The Today Show Reports on an APA Meeting… in 1990

Published by Anonymous (not verified) on Sat, 15/06/2019 - 11:56am in

Back in 1990, the Today Show aired a segment on a meeting of the American Philosophical Association (APA), taking place in New Orleans.

It was nearly 30 years ago, but even if you don’t recognize specific faces (though you might), you’ll certainly recognize some of the faces the conference attendees are making—and perhaps some of the cheesy jokes offered up by the reporter.


(via Sophie Horowitz)

The post The Today Show Reports on an APA Meeting… in 1990 appeared first on Daily Nous.

Two Philosophers Recognized During Queen’s Birthday Honours

Published by Anonymous (not verified) on Sat, 15/06/2019 - 12:52am in


award, philosophy

Two philosophers were among those recognized by Queen Elizabeth II during her Birthday Honours this year.

Sarah Broadie (University of St. Andrews) was named an Officer of the Order of the British Empire.

John Finnis (Oxford) was named a Companion of the Order of Australia.

The post Two Philosophers Recognized During Queen’s Birthday Honours appeared first on Daily Nous.

Radio 4 Series Challenging Stereotype that Religion and Science Are at War

According to next week’s Radio Times there’s a new, three-part series beginning on Radio 4 next Friday, 21st June, at 11.00 am, Science and Religion about the relationship between the two disciplines. From the pieces about in the magazine, it attacks the idea that science and religion are at war. The blurb for the programme’s first part, ‘The Nature of the Beast’, on page 131, says

Nick Spencer examines the history of science and religion and the extent to which they have been in conflict with each other. Drawing on the expertise of various academics, he begins by exploring what the relationship says about what it means to be human.

The paragraph about the programme on the preceding page, 130, by Sue Robinson, runs

Are science and religion at war? In the first in a three-part series, Nick Spencer (of Goldsmith’s, London, and Christian think-tank Theos) takes a look back wt what he terms the “simplistic warfare narrative” of these supposedly feuding disciplines. From the libraries of the Islamic world to the work of 13th-century bishop Robert Grosseteste in maths and natural sciences, Spencer draws on the expertise of a variety of academics to argue that there has long been an interdependence between the two. I felt one or two moments of consternation (“there are probably more flat-earthers [believing the earth to be flat] around today than there were back then…”) and with so many characters in the unfolding 1,000-year narrative, some may wish for a biographical dictionary at their elbow… I certainly did. Yet somehow Spencer produces an interesting and informative treatise from all the detail.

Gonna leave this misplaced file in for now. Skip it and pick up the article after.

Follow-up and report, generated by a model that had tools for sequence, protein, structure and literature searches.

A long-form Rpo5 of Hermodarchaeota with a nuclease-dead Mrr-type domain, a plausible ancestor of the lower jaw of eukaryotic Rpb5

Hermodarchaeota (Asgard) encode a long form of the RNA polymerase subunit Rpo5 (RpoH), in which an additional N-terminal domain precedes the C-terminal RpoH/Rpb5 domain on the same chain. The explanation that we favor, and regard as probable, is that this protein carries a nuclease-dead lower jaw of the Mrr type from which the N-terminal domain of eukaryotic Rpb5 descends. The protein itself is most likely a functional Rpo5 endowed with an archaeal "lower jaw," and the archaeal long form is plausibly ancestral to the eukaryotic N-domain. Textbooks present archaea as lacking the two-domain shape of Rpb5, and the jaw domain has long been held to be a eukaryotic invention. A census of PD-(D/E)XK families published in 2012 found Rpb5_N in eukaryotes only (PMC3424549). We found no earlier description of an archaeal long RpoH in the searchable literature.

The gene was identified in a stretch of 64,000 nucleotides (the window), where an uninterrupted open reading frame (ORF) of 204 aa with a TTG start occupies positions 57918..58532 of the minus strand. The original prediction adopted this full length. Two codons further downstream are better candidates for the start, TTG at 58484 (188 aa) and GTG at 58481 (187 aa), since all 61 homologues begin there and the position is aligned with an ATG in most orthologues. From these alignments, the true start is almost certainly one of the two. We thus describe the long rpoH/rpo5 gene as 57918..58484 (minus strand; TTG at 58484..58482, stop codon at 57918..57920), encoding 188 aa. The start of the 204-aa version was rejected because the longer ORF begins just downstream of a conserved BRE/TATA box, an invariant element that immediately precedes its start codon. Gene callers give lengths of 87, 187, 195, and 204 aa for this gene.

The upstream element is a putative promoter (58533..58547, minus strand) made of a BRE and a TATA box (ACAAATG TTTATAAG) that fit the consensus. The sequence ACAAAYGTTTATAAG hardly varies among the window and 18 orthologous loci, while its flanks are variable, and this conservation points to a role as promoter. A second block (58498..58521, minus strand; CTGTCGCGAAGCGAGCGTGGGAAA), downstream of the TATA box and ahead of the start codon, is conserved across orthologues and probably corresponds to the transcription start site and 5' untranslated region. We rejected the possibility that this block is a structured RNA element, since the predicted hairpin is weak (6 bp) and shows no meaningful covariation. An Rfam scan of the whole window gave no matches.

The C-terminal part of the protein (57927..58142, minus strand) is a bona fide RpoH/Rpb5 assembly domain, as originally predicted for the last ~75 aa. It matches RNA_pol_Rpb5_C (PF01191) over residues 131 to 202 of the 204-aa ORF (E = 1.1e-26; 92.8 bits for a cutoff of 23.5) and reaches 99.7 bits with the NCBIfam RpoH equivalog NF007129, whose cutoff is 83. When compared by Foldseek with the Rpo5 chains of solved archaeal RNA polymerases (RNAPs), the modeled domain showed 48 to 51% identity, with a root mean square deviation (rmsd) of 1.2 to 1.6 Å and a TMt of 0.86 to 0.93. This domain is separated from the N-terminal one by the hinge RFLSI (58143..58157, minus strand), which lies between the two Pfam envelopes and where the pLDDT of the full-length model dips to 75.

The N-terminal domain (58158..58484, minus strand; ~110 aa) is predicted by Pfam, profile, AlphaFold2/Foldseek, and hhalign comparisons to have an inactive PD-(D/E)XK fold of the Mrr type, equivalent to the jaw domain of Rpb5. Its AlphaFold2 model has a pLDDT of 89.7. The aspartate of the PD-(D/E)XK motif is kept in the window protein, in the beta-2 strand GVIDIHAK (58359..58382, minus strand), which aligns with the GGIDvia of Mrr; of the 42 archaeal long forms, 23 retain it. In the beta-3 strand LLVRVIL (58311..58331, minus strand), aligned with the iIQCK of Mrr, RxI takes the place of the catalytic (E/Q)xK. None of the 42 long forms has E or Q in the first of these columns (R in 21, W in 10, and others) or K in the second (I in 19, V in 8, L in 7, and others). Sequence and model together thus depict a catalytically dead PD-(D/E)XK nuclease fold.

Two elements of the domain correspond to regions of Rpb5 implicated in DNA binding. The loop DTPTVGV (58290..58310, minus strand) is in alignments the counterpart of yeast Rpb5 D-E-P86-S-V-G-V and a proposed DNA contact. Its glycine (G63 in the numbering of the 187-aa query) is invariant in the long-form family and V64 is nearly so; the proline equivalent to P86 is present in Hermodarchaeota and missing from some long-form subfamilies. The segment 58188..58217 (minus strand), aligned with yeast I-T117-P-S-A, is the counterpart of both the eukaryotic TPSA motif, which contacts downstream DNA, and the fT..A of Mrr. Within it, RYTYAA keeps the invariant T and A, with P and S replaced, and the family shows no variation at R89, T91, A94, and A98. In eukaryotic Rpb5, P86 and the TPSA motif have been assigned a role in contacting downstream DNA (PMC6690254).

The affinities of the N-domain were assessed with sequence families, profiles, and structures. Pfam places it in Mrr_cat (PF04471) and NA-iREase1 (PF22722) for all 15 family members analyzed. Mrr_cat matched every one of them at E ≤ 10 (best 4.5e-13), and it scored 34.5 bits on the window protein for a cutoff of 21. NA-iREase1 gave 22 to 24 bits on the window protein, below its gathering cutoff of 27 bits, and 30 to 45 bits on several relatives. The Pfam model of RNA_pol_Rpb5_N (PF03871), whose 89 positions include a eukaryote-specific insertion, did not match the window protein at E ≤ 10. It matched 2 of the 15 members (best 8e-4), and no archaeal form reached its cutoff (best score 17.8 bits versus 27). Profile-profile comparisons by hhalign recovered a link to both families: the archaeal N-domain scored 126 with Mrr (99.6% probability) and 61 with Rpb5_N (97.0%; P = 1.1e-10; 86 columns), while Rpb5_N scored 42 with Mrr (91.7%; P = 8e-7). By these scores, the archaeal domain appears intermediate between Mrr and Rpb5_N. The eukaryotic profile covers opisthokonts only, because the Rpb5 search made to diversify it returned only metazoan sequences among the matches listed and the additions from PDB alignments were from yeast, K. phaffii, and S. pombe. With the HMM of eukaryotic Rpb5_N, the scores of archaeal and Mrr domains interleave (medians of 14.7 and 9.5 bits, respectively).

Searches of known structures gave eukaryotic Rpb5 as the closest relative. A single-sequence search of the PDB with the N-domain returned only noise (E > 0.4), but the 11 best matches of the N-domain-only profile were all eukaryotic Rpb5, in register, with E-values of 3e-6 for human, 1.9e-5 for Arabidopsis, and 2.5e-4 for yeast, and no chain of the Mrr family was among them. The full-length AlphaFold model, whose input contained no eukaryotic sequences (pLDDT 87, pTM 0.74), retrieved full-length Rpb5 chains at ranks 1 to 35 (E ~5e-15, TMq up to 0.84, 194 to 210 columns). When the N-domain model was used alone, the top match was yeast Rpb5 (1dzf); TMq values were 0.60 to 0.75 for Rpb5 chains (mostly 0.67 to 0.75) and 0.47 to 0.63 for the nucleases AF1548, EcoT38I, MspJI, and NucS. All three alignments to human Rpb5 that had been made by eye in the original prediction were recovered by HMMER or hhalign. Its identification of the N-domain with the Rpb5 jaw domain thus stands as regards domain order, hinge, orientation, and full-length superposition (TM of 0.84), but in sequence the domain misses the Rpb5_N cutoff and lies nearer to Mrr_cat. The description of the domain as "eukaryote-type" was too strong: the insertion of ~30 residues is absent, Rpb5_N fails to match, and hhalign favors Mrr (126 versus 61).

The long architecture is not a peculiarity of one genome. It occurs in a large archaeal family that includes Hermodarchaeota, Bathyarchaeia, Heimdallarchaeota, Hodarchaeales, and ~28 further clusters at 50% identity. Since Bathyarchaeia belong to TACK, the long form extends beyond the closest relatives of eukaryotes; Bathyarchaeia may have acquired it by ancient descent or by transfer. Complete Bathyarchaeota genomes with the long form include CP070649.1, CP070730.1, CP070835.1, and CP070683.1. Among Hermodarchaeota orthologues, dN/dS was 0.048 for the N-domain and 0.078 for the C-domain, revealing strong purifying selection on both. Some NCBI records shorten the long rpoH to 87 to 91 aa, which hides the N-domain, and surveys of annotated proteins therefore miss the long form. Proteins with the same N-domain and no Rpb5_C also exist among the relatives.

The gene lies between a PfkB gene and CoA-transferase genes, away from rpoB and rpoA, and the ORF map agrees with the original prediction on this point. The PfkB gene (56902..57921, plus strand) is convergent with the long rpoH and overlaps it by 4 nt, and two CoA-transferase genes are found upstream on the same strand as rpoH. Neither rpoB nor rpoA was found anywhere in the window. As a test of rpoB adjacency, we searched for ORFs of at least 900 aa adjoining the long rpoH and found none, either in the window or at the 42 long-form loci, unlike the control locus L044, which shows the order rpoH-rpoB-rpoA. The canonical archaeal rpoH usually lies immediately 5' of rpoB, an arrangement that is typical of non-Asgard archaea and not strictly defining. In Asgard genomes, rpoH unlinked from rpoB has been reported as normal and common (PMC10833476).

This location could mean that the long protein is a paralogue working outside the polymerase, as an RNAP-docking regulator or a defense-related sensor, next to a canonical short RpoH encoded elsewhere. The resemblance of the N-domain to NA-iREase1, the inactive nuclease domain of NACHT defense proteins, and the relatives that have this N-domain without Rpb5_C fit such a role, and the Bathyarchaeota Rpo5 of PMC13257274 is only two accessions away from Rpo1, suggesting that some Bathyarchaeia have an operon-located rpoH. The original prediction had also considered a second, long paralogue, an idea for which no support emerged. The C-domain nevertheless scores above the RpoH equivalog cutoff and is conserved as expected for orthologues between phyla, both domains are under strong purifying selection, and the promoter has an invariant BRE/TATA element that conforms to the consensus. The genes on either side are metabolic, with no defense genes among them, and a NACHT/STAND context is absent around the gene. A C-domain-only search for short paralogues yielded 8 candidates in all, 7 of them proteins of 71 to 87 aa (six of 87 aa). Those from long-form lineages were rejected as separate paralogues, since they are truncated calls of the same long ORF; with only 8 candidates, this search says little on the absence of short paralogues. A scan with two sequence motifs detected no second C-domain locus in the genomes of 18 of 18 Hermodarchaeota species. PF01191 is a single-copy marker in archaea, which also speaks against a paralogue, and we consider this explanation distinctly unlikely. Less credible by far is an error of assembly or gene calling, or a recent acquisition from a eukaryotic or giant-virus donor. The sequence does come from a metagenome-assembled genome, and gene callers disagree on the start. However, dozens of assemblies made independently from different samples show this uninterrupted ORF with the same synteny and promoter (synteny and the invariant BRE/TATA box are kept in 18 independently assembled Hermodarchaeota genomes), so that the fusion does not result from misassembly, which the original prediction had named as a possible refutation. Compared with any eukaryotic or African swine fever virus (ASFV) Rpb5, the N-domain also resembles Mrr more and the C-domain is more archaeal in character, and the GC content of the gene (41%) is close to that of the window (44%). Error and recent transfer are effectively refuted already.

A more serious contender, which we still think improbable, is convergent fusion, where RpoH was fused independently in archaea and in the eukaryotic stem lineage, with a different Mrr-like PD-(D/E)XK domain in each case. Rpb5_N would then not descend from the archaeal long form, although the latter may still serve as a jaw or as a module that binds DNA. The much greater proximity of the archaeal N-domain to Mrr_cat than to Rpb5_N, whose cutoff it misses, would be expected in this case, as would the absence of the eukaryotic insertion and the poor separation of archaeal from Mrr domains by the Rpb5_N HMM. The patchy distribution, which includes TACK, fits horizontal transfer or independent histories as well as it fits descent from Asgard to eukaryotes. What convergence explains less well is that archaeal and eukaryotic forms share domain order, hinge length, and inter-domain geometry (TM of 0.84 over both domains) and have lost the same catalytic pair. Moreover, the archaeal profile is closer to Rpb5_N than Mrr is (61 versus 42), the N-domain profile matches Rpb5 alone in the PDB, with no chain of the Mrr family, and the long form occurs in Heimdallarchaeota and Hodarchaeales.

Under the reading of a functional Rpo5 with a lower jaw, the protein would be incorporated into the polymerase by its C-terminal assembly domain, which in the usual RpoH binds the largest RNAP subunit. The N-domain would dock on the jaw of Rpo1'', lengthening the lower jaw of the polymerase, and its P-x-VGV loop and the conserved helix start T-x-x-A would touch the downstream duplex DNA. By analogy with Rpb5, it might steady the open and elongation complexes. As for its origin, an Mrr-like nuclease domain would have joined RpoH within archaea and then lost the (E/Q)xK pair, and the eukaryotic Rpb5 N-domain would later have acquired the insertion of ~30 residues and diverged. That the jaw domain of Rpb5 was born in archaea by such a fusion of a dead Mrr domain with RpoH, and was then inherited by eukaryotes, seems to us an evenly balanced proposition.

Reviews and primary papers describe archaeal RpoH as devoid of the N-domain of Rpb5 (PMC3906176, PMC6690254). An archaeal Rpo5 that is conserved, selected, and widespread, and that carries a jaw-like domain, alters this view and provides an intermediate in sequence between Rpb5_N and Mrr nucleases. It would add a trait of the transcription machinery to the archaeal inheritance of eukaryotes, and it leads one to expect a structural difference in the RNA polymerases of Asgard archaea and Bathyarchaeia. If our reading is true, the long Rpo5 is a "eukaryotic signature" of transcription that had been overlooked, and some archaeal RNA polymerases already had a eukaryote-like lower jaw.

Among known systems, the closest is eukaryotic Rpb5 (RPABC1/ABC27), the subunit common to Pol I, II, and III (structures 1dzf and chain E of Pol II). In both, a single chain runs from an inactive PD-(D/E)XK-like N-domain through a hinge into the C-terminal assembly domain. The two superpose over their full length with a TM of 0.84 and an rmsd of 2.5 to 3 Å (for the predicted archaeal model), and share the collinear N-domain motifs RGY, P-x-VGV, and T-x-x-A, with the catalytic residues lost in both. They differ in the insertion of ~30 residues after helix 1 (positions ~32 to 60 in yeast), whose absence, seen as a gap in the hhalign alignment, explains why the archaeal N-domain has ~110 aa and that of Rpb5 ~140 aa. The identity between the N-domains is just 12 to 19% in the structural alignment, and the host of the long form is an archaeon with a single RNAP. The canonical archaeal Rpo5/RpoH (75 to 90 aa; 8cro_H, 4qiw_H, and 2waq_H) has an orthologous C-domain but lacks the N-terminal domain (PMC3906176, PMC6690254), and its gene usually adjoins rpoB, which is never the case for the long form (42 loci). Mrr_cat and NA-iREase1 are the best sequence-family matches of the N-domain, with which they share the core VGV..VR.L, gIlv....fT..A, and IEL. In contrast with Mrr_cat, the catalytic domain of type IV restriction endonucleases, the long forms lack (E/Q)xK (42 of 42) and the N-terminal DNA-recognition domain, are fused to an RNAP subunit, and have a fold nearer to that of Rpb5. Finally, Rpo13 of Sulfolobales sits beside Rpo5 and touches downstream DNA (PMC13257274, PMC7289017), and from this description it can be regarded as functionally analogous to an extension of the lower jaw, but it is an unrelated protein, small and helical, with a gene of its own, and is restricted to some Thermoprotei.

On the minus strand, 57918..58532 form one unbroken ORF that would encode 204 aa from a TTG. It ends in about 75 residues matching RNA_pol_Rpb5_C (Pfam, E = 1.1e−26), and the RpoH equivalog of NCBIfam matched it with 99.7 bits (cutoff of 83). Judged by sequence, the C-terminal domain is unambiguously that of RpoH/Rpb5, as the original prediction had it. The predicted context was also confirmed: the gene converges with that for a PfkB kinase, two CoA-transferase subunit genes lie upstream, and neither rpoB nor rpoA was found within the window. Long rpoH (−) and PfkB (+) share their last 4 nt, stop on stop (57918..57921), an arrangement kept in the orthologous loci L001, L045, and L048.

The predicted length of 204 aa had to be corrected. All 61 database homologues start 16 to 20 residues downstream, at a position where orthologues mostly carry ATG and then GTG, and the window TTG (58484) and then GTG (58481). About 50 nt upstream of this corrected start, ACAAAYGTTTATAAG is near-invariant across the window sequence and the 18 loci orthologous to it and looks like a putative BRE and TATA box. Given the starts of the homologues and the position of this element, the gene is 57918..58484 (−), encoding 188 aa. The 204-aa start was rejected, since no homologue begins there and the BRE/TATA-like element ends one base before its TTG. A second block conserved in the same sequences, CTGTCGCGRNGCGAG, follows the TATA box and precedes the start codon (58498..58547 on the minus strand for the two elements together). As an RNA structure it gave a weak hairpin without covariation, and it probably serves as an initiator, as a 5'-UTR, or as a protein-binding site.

We’ve waited a long time for a series like this. I set up this blog partly to argue against the claim made by extremely intolerant atheists like Richard Dawkins that science and religion are and always have been at war. In fact no serious historian of science believes this. It’s a stereotype that comes from three 19th century writers, one of whom was reacting against the religious ethos of Harvard at the time. And some of the incidents that have been used to argue that science was suppressed by the religious authorities were simply invented. Like the story that Christopher Columbus was threatened by the Inquisition for believing that the world war round. Er no, he wasn’t. That was all made up by 19th century author Washington Irvine. European Christians had known and accepted that the world was round by the 9th century. It’s what the orb represents in the Crown Jewels. The story that Bishop Samuel Wilberforce, in his debate on evolution with Charles Darwin, asked the great biologist whether he was descended from an ape on his mother’s or father’s side of the family is also an invention. It was written years after the debate by Darwin’s Bulldog, T.H. Huxley. A few years ago historians looked at the accounts of the debate written at the time by the students and other men of science who were there. They don’t mention any such incident. What they do mention is Wilberforce opening the debate by saying that such questions like evolution needed to be carefully examined, and that if they are true, they have to be accepted, no matter how objectionable they may be. Wilberforce himself was an extremely proficient amateur scientist himself as well as a member of the clergy. Yes, there was opposition from many Christians to Darwin’s idea, but after about 20 years or so most of the mainstream denominations fully accepted evolution. The term ‘fundamentalism’ comes from a book defending and promoting Christianity published as The Fundamentals of Christianity published in the first years of the 20th century. The book includes evolution, which it accepts.